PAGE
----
A Global Task Team of experts sponsored by the United Nations Environment Programme (UNEP), the Intergovernmental Oceanographic Commission (IOC) of UNESCO (the United Nations Educational, Scientific and Cultural organisation), and the Association of South Pacific Environmental Institutions (ASPEI) looked at the situation and prospects. Working together with the World Meteorological Organisation (WMO) and IUCN-The World Conservation Union, the Task Team has produced a report which reviews the possible impacts of climate change and sea-level rise on coral reefs.

Crinoid, black coral and fish in reefs of Irian Jaya, Indonesia. Changes in temperature and frequency of storms could affect such reef organisms.

Photo: WWF / Rod Salm

Black coral and fish in reefs of Irian Jaya

Acropora coral and fish at Pase Hays, New Caledonia. Harvesting of giant clams in the Pacific has led to local extinction.

Photo: WWF / Thierry Petit / BIOS

Acropora coral and fish at Pase Hays, New Caledonia

The scientists warn: "The condition of many of the world's coral reefs has reached a crisis point. (... ) Global climate change may directly impose new stresses on reefs, or it may interact synergistically with other more direct human pressures to cause added and Accelerated environmental damage. These [climate change] effects could accelerate the current rate of coral reef degradation in areas already stressed."

Global climate change, the Task Team said, may not pose an immediate threat to the existence of reefs worldwide, but locally the impact may vary from disastrous to benign. Some reefs may be destroyed, others badly affected, while some could even experience more vigorous growth in the medium term.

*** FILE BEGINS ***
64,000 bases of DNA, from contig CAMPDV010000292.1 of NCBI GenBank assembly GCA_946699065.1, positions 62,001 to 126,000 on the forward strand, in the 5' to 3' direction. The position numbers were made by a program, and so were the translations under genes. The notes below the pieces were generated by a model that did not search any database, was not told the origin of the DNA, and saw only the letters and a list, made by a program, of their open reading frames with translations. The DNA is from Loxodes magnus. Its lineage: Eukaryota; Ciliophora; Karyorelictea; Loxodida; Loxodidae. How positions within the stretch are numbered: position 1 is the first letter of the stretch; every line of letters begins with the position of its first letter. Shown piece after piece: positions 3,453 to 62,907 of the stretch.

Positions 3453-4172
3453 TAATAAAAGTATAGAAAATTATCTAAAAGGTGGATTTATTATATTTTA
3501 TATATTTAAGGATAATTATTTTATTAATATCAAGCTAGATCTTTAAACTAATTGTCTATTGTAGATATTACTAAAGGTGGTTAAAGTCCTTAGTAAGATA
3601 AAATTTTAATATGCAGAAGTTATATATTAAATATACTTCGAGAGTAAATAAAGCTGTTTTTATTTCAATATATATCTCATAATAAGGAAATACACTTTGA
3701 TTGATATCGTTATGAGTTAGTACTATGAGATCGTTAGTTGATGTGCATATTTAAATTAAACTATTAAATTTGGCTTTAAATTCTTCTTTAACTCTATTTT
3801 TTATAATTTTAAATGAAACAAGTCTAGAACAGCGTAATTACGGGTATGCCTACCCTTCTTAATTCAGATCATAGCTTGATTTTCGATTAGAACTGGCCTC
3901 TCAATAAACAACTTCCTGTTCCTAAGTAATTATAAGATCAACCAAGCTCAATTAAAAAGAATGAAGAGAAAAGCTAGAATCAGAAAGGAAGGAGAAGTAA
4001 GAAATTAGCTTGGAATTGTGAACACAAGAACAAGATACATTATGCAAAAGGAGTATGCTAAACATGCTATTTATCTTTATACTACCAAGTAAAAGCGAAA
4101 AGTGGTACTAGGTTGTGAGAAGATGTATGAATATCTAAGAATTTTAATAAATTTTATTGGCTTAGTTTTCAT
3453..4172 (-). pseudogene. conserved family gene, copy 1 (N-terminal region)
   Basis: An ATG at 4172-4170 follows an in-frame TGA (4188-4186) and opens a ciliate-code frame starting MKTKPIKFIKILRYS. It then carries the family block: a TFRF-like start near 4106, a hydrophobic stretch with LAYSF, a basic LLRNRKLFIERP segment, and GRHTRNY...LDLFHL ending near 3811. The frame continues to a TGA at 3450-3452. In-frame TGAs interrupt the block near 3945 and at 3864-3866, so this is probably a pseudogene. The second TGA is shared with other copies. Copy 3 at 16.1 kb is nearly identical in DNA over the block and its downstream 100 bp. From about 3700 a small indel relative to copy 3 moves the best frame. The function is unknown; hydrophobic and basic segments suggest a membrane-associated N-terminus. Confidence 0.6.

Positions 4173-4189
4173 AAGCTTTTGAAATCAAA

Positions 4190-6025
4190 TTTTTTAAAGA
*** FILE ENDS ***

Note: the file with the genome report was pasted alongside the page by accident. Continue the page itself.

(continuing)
150,000 years of climate change

Climate change is the only potential threat on the horizon for those reefs remote from large human populations.

For the next 10-40 years, local stresses from human sources are a greater threat to most reefs than climate change. On the other hand, the long-term threat from climate change and sea-level rise may make reef islands uninhabitable. This long-term threat may be of greater significance to the human populations than the short-term problems of these islands.

The scientists point out: "Climate change is the only potential threat on the horizon for those reefs remote from large human populations in the central Pacific and Indian Oceans and along much of the Australian Great Barrier Reef."

The menace hanging over these reefs is as dangerous as the threat facing coral systems close to human populations: "The more remote reefs have the important potential to serve as refuges for coral reef biodiversity," the Global Task Team observes. "Their health and preservation are important to the ecosystem on a global scale."

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March 30, 2010